The Disappearance of Hysteria Today - 2 April 2016, San Francisco
In this talk I want to address the supposed disappearance of hysteria today, the original neurosis at the heart of psychoanalysis. In the US in particular many feel that hysteria does not exist any longer; that it is a relic of the late 19th century. It has been taken out of the Diagnostic and Statistics Manual of Psychiatric Disorders as a category in its own right, collapsed into Histrionic Personality Disorder a number of years back, and finally removed all together, its features dispersed into somatic disorder, narcissistic personality disorder, dependant personality disorder, and masochistic personality disorder. You do not hear mainstream psychology and psychiatry talk about hysteria – whereas it was the reference points for modern psychiatry at its birth, with Charcot for example, and for psychoanalysis more broadly. Freud even claimed that obsessionality was a dialect of hysteria. When I have sought to talk to contemporary psychoanalysts of all persuasions- Freudian, Kleinian, Relational- what I have to say about hysteria from a Lacanian perspective utterly fails to resonate with their clinical world-view. Why? It is my contention that we should look to what hysteria today, even in this radical ‘disappearance’ and illegibility, tells us about it and our clinical work; that this “disappearance” is more important than either preserving or negating the disorder. Finally, I will speak to how Lacan’s late work on the real, on topology, and on the sinthome and super-ego in particular, are perhaps in themselves a disguised or hidden discourse on hysteria and hystericization.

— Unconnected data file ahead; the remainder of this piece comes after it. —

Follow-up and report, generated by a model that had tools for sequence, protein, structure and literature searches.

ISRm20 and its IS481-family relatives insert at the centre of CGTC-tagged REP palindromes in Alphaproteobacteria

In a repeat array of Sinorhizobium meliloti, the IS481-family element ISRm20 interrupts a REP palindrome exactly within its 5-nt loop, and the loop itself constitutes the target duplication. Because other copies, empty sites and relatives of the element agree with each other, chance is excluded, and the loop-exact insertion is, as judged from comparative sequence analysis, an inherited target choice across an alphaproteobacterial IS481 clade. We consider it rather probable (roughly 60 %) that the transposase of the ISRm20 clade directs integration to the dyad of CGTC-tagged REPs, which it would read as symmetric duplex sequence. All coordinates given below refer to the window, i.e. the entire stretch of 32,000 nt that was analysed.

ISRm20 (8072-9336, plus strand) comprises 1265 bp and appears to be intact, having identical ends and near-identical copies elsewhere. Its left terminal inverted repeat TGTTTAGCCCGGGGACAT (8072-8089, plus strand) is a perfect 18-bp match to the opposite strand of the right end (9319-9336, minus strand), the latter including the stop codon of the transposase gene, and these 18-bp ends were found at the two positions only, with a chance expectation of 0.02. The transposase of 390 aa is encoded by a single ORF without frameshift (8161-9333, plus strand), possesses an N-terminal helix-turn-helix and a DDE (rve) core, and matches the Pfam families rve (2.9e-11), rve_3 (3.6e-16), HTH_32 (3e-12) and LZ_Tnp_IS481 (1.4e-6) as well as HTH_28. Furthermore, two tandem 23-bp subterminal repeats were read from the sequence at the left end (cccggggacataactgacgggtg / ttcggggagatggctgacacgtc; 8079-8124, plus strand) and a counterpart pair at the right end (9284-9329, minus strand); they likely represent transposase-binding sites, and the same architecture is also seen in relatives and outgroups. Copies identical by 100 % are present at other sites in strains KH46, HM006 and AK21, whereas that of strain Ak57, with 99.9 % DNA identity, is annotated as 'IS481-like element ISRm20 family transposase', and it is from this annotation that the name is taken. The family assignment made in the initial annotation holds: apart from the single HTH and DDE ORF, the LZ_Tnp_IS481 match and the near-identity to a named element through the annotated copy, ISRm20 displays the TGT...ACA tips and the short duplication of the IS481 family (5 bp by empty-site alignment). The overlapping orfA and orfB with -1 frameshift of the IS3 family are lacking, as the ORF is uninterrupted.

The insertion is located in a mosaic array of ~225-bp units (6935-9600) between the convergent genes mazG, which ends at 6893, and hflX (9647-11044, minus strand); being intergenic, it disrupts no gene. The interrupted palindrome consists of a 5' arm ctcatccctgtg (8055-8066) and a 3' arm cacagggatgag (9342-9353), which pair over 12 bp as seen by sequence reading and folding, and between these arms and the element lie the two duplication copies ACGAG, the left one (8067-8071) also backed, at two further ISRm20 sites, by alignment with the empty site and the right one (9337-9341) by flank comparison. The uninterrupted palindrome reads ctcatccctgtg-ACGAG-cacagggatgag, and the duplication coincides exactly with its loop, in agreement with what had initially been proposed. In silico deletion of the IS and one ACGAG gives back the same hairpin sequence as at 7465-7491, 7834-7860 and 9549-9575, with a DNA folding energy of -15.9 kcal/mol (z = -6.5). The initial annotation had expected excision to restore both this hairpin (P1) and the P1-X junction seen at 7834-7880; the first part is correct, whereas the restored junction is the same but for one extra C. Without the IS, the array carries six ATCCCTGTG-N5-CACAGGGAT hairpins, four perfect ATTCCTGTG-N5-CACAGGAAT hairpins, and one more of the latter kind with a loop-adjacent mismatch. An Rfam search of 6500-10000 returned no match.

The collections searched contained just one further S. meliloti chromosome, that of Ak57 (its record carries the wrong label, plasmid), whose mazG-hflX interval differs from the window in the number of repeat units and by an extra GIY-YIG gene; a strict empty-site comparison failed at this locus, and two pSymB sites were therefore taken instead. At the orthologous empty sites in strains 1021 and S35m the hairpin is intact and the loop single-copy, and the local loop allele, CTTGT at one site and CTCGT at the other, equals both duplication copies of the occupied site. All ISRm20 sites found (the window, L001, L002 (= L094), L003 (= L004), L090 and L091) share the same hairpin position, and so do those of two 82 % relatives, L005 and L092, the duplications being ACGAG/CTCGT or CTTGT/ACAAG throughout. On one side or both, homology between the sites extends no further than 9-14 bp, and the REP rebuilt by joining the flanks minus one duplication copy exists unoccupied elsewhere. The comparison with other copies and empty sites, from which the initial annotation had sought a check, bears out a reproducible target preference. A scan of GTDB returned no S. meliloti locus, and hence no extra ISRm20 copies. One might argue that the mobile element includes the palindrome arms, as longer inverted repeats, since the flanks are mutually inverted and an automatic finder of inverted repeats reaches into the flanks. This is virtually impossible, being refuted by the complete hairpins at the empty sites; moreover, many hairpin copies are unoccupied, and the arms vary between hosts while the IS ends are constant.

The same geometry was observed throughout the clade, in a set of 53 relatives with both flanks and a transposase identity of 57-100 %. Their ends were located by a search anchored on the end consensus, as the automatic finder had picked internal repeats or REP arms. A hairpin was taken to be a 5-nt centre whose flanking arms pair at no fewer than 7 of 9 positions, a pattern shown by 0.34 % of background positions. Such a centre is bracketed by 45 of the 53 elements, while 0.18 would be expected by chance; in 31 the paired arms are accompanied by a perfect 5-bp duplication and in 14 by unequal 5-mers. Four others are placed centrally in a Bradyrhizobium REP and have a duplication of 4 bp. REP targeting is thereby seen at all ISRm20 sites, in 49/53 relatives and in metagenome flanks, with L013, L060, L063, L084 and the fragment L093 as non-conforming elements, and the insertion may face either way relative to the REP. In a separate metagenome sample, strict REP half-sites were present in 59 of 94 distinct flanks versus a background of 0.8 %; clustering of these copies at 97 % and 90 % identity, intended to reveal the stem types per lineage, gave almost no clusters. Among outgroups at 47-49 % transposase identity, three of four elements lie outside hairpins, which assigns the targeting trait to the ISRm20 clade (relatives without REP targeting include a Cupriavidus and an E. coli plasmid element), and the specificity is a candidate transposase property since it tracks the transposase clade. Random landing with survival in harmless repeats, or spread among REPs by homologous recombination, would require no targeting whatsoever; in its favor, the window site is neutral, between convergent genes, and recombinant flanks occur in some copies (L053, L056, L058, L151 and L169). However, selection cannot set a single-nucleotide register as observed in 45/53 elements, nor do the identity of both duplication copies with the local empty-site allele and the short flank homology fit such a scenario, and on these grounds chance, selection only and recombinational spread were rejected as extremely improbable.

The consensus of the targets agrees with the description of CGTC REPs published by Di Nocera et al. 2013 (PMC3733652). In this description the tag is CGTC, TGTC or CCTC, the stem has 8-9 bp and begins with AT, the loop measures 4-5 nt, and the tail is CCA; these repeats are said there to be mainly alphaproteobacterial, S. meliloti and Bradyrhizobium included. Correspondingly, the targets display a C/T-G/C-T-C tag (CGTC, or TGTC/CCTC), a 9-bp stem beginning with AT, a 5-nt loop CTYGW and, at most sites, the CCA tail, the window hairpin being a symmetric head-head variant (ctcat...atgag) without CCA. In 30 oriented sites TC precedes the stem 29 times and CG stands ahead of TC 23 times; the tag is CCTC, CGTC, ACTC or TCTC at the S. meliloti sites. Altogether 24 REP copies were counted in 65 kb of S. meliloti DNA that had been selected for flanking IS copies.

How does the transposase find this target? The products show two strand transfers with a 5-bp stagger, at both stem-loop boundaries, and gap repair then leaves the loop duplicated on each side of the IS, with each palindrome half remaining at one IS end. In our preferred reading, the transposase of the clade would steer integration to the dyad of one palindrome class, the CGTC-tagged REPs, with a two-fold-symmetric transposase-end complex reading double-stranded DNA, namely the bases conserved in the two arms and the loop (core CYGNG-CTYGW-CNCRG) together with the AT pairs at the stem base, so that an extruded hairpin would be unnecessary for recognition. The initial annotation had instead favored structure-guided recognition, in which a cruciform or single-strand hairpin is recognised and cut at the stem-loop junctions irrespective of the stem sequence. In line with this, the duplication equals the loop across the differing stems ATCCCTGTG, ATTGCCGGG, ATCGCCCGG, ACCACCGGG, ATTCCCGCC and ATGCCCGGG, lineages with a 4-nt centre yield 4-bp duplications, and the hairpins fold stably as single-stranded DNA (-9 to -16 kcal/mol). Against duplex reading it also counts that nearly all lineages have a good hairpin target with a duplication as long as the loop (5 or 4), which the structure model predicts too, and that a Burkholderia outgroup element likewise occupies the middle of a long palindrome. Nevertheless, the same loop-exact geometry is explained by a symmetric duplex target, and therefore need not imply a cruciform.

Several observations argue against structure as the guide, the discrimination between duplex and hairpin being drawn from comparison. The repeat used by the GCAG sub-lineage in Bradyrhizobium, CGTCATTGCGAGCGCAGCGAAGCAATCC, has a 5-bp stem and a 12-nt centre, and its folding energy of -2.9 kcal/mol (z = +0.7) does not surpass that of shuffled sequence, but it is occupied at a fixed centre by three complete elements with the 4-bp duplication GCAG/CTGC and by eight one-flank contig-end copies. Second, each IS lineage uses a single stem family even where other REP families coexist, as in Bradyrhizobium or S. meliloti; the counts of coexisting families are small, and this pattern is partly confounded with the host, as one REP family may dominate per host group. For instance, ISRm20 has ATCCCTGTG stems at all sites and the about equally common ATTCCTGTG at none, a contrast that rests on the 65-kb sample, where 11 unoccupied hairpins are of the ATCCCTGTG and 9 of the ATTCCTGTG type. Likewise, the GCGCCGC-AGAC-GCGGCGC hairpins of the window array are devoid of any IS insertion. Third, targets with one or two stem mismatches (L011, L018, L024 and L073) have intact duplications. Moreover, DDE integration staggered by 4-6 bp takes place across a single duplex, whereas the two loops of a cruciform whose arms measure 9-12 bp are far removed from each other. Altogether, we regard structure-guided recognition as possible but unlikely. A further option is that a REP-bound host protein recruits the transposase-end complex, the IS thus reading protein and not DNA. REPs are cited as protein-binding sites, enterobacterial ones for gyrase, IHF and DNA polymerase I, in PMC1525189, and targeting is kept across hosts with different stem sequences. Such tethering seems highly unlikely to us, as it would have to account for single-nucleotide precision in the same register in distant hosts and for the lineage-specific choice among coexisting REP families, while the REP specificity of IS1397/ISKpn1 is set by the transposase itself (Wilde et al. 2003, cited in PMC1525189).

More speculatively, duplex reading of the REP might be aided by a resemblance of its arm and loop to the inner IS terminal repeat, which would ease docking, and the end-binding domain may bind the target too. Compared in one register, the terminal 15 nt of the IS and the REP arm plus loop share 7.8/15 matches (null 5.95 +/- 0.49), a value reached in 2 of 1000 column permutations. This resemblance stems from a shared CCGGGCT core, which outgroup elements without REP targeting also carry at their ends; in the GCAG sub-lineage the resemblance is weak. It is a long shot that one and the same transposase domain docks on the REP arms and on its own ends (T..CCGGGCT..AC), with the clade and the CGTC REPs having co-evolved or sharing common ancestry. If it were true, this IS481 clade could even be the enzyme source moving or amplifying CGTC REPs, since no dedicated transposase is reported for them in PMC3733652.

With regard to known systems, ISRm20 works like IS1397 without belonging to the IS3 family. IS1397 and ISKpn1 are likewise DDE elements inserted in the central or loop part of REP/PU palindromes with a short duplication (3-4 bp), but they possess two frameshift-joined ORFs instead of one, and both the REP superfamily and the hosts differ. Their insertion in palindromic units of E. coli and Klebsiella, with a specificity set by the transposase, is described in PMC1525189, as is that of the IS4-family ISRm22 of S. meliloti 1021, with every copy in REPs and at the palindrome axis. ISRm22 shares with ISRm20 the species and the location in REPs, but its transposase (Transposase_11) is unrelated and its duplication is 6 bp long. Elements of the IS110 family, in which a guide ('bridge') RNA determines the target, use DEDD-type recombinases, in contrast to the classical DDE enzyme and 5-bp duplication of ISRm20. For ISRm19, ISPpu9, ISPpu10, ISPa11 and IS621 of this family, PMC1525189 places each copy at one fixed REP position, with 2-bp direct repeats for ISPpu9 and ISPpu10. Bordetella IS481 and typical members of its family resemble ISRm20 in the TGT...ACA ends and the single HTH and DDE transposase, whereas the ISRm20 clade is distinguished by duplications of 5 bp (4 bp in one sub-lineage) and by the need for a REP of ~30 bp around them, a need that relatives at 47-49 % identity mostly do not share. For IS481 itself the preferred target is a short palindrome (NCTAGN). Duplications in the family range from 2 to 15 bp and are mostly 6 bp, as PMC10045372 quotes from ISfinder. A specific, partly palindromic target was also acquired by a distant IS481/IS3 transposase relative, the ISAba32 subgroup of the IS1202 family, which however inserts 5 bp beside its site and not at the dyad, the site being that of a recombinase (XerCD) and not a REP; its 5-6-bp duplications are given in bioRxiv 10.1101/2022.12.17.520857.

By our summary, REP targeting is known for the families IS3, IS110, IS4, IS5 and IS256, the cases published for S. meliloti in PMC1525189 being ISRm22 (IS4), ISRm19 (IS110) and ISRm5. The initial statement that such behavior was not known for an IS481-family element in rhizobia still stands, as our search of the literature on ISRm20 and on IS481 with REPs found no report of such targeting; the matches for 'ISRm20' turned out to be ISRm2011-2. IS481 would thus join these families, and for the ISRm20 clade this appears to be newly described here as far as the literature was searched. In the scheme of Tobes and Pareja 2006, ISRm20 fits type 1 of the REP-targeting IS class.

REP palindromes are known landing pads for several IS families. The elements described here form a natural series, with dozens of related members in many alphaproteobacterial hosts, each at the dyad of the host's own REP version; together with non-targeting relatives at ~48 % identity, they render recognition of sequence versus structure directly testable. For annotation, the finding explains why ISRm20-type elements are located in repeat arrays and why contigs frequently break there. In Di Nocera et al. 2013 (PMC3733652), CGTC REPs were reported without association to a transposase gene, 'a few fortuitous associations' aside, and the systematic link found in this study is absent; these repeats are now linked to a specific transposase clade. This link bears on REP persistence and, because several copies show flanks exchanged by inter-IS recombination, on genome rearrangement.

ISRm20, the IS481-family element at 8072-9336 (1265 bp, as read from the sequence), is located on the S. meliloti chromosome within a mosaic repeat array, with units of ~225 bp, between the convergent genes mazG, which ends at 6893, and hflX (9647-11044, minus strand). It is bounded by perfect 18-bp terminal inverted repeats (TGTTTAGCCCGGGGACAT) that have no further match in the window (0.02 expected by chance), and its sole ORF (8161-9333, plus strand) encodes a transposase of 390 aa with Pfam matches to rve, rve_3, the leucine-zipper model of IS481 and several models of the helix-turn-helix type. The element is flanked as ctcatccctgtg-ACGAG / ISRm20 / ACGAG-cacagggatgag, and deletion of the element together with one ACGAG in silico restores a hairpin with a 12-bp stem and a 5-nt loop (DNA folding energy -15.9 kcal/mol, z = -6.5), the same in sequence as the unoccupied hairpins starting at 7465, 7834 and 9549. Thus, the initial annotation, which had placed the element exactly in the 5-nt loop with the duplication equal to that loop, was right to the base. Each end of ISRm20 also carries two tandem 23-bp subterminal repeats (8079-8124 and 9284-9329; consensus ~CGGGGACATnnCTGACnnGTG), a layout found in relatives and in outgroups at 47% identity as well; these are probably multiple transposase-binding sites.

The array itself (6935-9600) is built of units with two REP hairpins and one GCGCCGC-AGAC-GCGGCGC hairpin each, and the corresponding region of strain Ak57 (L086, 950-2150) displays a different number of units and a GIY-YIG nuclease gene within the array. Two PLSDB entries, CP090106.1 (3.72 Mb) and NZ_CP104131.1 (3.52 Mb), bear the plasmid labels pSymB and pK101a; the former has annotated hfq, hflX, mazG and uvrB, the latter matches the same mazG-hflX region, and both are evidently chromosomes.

Jamieson Webster, Ph.D.
Saturday April 2, 2016
CIIS, 1453 Mission, San Francisco, room 304